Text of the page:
Detox is an arduous process, and often more difficult to attend for prescription drug addiction because people consider prescriptions safe to use and because, typically, a doctor prescribes them. Though legal, it is the illegal way in which people employ these drugs that causes such serious problems. When patients start to manipulate the system, for example, going to three different doctors at the same time for prescriptions of Valium, Oxycontin, Benzodiazepines, etc.; it is no longer for health related causes. Prescriptions drugs can be more dangerous since people consider them to be safer, but withdrawals from these drugs are just as difficult as withdrawals from heroin. The abuse has evolved into such a problem that there are currently drug facilities dedicated exclusively to prescription drug rehab.
Part of the reason why prescription drug addiction occurs is that when people consume a drug for an extended period due to painful surgeries and medical procedures, the body becomes dependent on the drugs to function. Hence the reason patients with a morphine drip often undergo mini detoxes after recovery from surgeries and medical procedures. When the medicine decreases in dosage, the body has a detrimental response, especially with higher levels of the drug in the system. Coming off these drugs often leads to seemingly worsening pain, flurried thoughts, and accentuated anxiety.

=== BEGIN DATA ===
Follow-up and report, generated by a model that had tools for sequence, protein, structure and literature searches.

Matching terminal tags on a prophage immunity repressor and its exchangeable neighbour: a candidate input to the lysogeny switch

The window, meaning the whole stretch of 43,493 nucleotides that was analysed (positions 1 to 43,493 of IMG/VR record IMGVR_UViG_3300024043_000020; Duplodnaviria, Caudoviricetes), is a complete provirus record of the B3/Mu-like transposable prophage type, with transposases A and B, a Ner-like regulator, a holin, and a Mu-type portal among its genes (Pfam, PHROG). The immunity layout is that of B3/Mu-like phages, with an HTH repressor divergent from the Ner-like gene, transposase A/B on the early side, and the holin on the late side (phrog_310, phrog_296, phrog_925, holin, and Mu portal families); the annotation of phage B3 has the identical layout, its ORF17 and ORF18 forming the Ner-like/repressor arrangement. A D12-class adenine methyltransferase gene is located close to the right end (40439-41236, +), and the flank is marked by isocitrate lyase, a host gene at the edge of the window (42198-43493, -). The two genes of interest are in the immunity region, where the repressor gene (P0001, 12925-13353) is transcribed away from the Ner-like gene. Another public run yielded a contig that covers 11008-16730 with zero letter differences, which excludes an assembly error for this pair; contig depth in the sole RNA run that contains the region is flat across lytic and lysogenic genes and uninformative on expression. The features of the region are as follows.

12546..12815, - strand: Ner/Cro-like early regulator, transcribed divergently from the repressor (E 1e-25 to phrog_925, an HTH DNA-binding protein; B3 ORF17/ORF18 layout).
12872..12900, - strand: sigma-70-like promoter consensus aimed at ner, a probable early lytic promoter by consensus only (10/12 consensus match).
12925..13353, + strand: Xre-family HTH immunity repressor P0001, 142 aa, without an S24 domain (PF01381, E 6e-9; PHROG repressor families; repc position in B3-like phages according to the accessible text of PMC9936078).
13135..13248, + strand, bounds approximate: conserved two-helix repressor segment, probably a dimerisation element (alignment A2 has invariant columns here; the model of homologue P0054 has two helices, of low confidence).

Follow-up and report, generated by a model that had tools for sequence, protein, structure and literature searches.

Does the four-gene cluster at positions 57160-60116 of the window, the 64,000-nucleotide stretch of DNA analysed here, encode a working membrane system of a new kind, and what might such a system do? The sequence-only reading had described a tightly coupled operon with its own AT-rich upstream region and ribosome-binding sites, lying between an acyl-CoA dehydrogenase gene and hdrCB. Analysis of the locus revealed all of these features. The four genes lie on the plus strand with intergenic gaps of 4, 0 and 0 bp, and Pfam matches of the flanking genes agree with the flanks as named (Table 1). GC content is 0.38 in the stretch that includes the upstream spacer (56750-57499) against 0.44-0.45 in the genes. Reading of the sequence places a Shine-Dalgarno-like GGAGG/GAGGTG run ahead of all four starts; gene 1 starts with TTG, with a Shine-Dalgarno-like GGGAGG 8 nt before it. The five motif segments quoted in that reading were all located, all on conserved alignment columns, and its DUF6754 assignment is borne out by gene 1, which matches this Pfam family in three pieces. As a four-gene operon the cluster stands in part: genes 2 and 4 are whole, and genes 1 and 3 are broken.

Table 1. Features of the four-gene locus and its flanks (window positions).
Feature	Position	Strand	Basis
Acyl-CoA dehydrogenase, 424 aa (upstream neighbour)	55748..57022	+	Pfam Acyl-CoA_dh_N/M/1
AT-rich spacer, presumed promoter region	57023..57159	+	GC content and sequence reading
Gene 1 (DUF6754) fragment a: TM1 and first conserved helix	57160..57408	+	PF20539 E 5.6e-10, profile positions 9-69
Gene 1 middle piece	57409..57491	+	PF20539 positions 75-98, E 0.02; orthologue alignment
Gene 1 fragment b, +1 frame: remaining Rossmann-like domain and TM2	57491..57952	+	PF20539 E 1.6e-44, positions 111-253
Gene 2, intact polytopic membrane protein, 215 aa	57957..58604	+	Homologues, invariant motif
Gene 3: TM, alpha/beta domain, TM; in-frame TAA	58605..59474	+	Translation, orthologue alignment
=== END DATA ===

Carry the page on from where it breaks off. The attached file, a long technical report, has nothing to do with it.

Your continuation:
The body is not the only part of the person addicted to drugs either. Eventually, the brain cannot function without a daily hit. Because the pills maintain a sort of societal approval and are easier to use than cocaine or heroin, prescriptions have slowly and exponentially become quite a popular. Prescription pills are almost effortless to obtain compared to most street drugs: adolescents and teenagers can raid the medicine cabinets of addicted parents for their own exploitation—to use or to sell—exacerbating generational abuse.
The other side to addiction is the psychological dependence, assuming an inability to cope with the pressures of work and of home without prescription medication. Desperate for the ease and comfort associated with pills yet frustrated with the diminishing euphoria the pills provide after each hit, people have difficulty maintaining an adequate supply of pills. The things done to maintain a supply of pills often lead to feelings of guilt, shame, and hopelessness over the situation. It is these feelings professional counselors help addicts deal with as they learn new behaviors: how to cope with without drugs, how to deal with wanting to go to the emergency room for a prescription, how to live life without drug dependence.